with their wild relatives. The differential response of diamondback moth (Plutella xylostella) populations in
eastern and western Canada to Bt-producing (GT) Brassica napus and the potential for enhanced fitness of GT
B. napus and weedy GT Brassica rapa × B. napus hybrid populations (F1, BC1, BC2) were studied. Comparative bioassays using neonates and 4th instars showed that GT B. napus and GT B. rapa × B. napus hybrids are lethal to larvae from both populations. No measurable plant fitness advantage (reproductive dry weight) was observed
for GT B. napus (crop) and GT B. rapa × B. napus hybrid populations at low insect pressure (1 larva per leaf). At high insect densities (>10 larvae per leaf), vegetative plant weight was not significantly different for GT B. napus
and non-GT B. napus, whereas reproductive plant weight and proportion of reproductive material were
significantly higher in GT B. napus. Establishment of the Bt trait in wild B. rapa populations may also increase
its competitive advantage under high insect pressure.
The movement of transgenes from crops to weeds and the resulting consequences are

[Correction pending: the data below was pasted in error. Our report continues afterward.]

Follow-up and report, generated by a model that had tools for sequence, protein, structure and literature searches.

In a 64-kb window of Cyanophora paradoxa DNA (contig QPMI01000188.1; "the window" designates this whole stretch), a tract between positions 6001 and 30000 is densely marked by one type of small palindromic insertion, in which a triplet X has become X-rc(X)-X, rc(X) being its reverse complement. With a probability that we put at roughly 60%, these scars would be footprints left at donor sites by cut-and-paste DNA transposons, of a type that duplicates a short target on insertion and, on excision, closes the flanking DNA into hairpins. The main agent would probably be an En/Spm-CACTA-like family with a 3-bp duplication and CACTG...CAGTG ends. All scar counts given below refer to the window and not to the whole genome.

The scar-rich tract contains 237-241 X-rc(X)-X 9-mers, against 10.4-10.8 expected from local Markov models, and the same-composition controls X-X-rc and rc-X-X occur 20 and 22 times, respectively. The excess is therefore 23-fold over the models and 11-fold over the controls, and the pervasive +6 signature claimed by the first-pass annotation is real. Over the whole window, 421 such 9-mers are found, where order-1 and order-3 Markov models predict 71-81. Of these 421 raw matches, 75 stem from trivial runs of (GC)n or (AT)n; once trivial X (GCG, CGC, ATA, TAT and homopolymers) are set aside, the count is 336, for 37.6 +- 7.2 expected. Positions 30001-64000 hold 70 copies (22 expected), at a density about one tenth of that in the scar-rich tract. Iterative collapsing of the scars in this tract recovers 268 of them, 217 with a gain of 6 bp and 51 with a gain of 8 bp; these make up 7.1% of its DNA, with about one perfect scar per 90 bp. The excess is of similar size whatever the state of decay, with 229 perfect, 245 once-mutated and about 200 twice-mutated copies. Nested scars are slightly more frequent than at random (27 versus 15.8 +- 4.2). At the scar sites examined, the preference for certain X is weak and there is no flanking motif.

concerns of modern agriculture. The possible generation of “superweeds” from the
escape of fitness-enhancing transgenes into wild populations is a risk that is
often discussed, but rarely studied. Oilseed rape, Brassica napus (L.), is a crop
with sexually compatible weedy relatives, such as birdseed rape (Brassica rapa (L.)).
Hybridization of this crop with weedy relatives is an extant risk and an excellent
interspecific gene flow model system. In laboratory crosses, T3 lines of seven
independent transformation events of Bacillus thuringiensis (Bt) oilseed rape were
hybridized with two weedy accessions of B. rapa. Transgenic hybrids were generated
from six of these oilseed rape lines, and the hybrids exhibited an intermediate
morphology between the parental species. The Bt transgene was present in the hybrids,
and the protein was synthesized at similar levels to the corresponding independent
oilseed rape lines. Insect bioassays were performed and confirmed that the hybrid
material was insecticidal. The hybrids were backcrossed with the weedy parent,
and only half the oilseed rape lines were able to produce transgenic backcrosses.
After two backcrosses, the ploidy level and morphology of the resultant plants were
indistinguishable from B. rapa. Hybridization was monitored under field conditions
(Tifton, GA, USA) with four independent lines of Bt oilseed rape with a crop to
wild relative ratio of 1200:1. When B. rapa was used as the female parent,
hybridization frequency varied among oilseed rape lines and ranged from 16.9%